40But Pyrrhus now overran Thessaly and was seen as far south as Thermopylae; Demetrius therefore left Antigonus to conduct the siege of Thebes, and himself set out against this new foe. Pyrrhus, however, made a swift retreat, whereupon Demetrius stationed ten thousand men-at-arms and a thousand horsemen in Thessaly and once more devoted himself to Thebes. Here he brought up against the city his famous City-taker, but this was so laboriously and slowly propelled, owing to its weight and great size, that in the space of two months it hardly advanced two furlongs. 2Besides, the Boeotians made a stout resistance, and Demetrius many times, out of contumacy rather than from need, forced his soldiers to risk their lives in battle. Antigonus saw that they were falling in great numbers, and in great concern said “Why, my father, should we suffer these lives to be squandered without any necessity for it?” But Demetrius was incensed, and said: “Why, pray, art thou disturbed at this? Are rations due from thee to the dead?” 3However, wishing not to be thought reckless of other lives only, but also to share the perils of battle, he was pierced through the neck by a catapult-bolt. And yet, sore wounded as he was, he did not give up, but took Thebes again. His entry into the city filled the citizens with acute fear; they thought they were to suffer the most dreadful punishments; but he put to death only thirteen of them, banished a few, and pardoned the rest. 4And so it was the fate of Thebes, which had been occupied less than ten years, to be captured twice during this time.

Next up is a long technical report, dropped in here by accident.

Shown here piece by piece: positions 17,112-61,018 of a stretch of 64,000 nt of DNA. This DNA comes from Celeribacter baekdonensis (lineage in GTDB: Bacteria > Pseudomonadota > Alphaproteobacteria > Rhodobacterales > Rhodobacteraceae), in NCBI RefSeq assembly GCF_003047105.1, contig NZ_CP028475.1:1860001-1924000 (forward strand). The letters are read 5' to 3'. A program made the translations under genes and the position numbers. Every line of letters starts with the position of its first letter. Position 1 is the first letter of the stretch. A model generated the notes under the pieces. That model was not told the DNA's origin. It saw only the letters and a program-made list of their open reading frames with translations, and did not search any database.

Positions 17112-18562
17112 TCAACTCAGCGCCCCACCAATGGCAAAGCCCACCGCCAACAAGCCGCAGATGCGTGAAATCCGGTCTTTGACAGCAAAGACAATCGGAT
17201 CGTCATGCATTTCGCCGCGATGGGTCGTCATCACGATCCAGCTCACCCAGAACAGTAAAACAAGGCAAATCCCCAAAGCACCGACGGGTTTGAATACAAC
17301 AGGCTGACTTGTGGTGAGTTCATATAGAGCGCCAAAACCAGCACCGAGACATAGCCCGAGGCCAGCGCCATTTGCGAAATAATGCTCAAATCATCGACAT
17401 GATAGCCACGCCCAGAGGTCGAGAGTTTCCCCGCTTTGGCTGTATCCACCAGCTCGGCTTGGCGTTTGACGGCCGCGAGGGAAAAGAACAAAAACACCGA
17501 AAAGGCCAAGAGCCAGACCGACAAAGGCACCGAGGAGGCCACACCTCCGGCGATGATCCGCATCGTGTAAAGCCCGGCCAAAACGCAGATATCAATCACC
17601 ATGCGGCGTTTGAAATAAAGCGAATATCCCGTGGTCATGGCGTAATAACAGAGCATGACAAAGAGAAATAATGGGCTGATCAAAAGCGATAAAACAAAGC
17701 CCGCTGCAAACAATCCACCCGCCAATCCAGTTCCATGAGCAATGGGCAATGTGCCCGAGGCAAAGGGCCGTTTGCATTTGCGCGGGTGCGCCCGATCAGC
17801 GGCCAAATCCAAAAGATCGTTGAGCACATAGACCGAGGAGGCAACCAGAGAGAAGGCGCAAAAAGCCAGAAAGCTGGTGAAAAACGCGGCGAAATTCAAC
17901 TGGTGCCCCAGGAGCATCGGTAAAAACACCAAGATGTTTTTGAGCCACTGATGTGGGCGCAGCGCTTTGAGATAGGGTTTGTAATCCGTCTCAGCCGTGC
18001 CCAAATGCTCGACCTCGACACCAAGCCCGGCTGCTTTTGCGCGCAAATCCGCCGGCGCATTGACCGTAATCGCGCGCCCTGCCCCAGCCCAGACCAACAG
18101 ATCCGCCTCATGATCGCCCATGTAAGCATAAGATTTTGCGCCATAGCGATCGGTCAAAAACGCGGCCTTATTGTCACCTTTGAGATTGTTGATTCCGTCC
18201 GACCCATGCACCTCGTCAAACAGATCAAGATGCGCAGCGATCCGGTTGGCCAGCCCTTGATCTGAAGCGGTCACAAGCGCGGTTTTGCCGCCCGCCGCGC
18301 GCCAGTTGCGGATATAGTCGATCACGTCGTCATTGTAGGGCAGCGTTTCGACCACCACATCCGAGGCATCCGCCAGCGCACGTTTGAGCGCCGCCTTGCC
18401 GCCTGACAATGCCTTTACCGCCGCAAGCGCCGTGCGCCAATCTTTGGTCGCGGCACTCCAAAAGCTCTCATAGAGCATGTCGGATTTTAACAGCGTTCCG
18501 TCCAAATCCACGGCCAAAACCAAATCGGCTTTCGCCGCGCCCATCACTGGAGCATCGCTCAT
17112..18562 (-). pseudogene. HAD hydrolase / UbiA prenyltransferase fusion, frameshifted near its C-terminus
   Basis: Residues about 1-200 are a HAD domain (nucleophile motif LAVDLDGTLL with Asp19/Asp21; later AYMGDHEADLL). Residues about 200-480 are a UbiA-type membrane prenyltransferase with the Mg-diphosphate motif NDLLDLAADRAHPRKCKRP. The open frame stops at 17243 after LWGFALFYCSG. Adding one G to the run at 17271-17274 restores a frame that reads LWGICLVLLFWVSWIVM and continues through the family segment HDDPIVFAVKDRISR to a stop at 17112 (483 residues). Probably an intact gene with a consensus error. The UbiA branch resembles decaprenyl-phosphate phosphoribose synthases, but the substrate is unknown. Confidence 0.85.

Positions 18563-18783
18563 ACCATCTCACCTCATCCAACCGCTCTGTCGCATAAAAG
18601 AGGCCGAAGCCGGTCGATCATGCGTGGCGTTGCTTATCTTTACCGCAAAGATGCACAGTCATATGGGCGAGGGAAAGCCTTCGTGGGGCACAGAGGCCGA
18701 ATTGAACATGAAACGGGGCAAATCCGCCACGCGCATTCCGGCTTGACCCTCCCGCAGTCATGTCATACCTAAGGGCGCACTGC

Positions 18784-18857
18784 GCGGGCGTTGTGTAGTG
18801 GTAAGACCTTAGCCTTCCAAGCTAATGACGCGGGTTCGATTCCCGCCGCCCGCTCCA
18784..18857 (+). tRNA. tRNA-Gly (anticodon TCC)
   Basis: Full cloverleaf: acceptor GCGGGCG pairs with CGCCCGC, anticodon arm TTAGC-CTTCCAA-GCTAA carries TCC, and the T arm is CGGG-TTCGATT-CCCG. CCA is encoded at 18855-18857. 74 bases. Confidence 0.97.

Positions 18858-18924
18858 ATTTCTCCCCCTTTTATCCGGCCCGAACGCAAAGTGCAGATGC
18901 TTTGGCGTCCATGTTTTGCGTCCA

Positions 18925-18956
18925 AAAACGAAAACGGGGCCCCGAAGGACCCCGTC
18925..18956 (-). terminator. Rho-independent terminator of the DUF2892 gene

Furthermore, the time for the Pythian games being now at hand, Demetrius ventured upon a most unheard of proceeding. Since, namely, the Aetolians occupied the passes about Delphi, he conducted the games and the festival in person at Athens, declaring it to be especially fitting that Apollo should be honoured there, since he was a patron deity of the Athenians and was said to have been the founder of their race.